I met other nonprofits such as Black Voters Matter, Incarcerate NC, Emancipate NC, North Carolina Justice Center, and North Carolina Fair Chance. We all had the same mind frame of wanting to help. That led to my community involvement and politics. Last November, I went to D.C. with Black Voters Matter, the League of Women Voters, and The Poor People’s Campaign. We got arrested for protesting our voting rights and for protesting President Biden’s filibuster. Literally standing at the gate to the capitol with a sign and a fist up and got arrested. Then January 6 happens, and it’s like, what’s going to happen?
I think the longest sentence was six years. And that didn’t feel fair. So, from that day, in particular, I was like, okay, you have to take this activism of wanting to help, and you have to seek a seat at the table. These decisions are being made behind closed doors. And to change anything, you have to be at that table.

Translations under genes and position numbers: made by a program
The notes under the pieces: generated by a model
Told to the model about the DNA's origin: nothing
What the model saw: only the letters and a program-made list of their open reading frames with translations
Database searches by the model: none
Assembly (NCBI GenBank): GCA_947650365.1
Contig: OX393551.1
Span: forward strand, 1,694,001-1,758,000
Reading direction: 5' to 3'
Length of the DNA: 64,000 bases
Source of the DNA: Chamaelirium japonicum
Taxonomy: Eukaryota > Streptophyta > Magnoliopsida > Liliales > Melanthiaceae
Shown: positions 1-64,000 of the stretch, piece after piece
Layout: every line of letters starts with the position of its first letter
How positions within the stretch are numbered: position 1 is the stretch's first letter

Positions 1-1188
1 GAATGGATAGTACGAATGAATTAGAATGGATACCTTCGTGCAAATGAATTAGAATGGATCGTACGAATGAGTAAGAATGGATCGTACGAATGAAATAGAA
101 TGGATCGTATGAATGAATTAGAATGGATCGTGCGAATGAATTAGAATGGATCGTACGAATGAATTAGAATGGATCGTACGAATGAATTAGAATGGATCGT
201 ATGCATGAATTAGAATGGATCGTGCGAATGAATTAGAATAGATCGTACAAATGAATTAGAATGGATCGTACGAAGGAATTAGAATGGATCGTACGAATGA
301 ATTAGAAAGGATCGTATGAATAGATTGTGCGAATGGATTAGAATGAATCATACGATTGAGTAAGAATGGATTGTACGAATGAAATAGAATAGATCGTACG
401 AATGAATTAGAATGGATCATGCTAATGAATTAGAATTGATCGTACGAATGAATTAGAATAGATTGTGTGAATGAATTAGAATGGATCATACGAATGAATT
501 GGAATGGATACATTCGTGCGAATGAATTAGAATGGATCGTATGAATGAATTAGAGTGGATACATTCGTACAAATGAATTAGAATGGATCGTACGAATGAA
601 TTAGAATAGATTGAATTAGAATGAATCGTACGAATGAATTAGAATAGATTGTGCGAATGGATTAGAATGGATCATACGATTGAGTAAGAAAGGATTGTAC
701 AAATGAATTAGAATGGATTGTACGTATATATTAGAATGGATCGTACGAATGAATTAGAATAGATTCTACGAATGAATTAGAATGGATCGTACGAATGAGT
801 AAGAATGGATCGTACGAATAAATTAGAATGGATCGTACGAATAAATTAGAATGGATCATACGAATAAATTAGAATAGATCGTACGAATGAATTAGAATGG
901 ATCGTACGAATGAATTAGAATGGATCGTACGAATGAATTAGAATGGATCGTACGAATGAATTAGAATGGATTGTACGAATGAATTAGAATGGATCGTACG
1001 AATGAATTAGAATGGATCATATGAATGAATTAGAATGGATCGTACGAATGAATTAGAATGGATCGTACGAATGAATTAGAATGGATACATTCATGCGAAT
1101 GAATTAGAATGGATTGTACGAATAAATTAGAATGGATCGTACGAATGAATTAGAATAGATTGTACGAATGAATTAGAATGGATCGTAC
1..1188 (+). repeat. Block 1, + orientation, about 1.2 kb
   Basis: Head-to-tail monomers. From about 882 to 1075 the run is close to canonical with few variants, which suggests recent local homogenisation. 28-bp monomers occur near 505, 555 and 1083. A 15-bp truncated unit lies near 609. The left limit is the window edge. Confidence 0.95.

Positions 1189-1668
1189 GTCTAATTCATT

That’s an incredible story. And one of the things I can hear is that everything you’ve been involved with has something to do with your past and your experiences growing up. And, as a woman of faith, I imagine you can look back and say there was a purpose to some of the madness I experienced. It all came together, and you have an incredible calling now.
You didn’t say it, but I’ll say it from my perspective because you don’t need to agree. One of the things that was maddening to the communities of color and leaders like myself, is you see mostly white men crawling up the White House wall and thinking, if that were our boys, our men, they would have been shot down. So there’s that dichotomy of life that still exists in the U.S., and it shows up in how policy gets implemented.
As women, society tells us who we are or how we should be. I would love to be a role model. I want my story to be out there for young girls to understand that I’ve been there, done that. If I can do it, you can do it. You don’t have to be a video girl. You don’t have to do or be as society tells you. It’s okay to be you.
What is your advice to other women, especially women of color, to go out and run for office, to put themselves out there, and not feel like they need to have prior experience in this work?